I really think the key to my failure was tragic overcooking, and a naked, skinless goose.

If anyone has any suggestions about what I should have done, please leave a comment.


Popular posts from this blog

Carrot Cake!!!!!!

I made my very first ever from scratch homemade cake at 7,500 feet above sea level today. I have made many homemade cakes before, but that was back home in Savannah, which is practically 2 feet below sea level.

After many dismal failures (including box mixes) I have finally made a cake from scratch that turned out decent. No- better than decent. I think this is the best cake I've ever made. No joke.

It all started when my fried Emmy posted on her blog about receiving as a gift from her hubby, a copy of "The Joy of Cooking." By the way, you should go read her blog. She is nauseatingly multi-talented. She cooks and knits beautifully, as well as a bunch of other stuff I learn about every freakin' time I read her blog. So go over to her blog right now.

Anyhoo...she read the high altitude instructions and cranked out a beautiful red velvet cake that made me drool. After reading that, I decided it was time to stop being a wuss about baking at high altitude and try a…

The Best Pizza Dough for Mimi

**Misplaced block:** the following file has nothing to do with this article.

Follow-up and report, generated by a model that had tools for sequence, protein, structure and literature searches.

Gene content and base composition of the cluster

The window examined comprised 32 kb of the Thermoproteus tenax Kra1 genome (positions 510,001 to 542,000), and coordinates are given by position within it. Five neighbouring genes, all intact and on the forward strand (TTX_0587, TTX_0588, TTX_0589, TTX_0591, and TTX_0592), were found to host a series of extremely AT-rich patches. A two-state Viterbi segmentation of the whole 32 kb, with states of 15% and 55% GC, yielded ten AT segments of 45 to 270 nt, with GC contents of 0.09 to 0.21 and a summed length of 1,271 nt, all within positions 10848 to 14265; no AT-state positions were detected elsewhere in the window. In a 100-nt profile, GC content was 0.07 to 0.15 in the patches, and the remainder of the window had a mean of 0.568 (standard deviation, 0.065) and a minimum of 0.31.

This picture does not include a picture of my pizza dough.  But it was taken at my favorite pizza place in the world- Vinnie Van Go-Go's in Savannah, GA.

I have toiled in vain to make a homemade crust that is in any way similar to Vinnie's.

I'm not going to say I've done it, because I haven't.  But what I can say is I think this version is the closest I'll ever get.

For 10 years I have played around with basic pizza dough recipes, trying to find one that yields a thin, crispy crust, with bubbly edges.

I think there are two things that make this possible... very high heat (most home ovens can't get hot enough) and 00 Italian flour (it makes such a soft, pliable dough).  To manage the heat problem, I usually cook my pizzas on the grill, and let it heat to at least 600 degrees.  Hopefully one day my husband will build the wood fired pizza oven of my dreams.  And to manage the flour issue, I order my flour from Amazon.

Here's the basic recipe and process:

Sunday Love...

This is what Sunday morning looked like at our house. I was inspired by some beautiful strawberries I bought at the store yesterday, so I wanted to make a special breakfast.

What says "I Love You" more than a stack of hot, homemade buttermilk pancakes???

Well, I'll tell you what. A stack of hot, homemade buttermilk Strawberries Romanoff Pancakes with Brown Sugar-Sour Cream Sauce. That's what.

A very good friend of mine from back home in Savannah, Jared, sent me for an engagement gift a year subscription to "Southern Living" magazine. He explained that he didn't want me to "forget how to be Southern." Although it is doubtful that I will EVER not be Southern, it was a very sweet gift. And I must admit I was so excited the day it landed in our mailbox that I had to fight every instinct in my Southern body not to plop on the couch right then and there and read it cover to cover and commit it to memory.

In the April 2009 issue of "Southern L…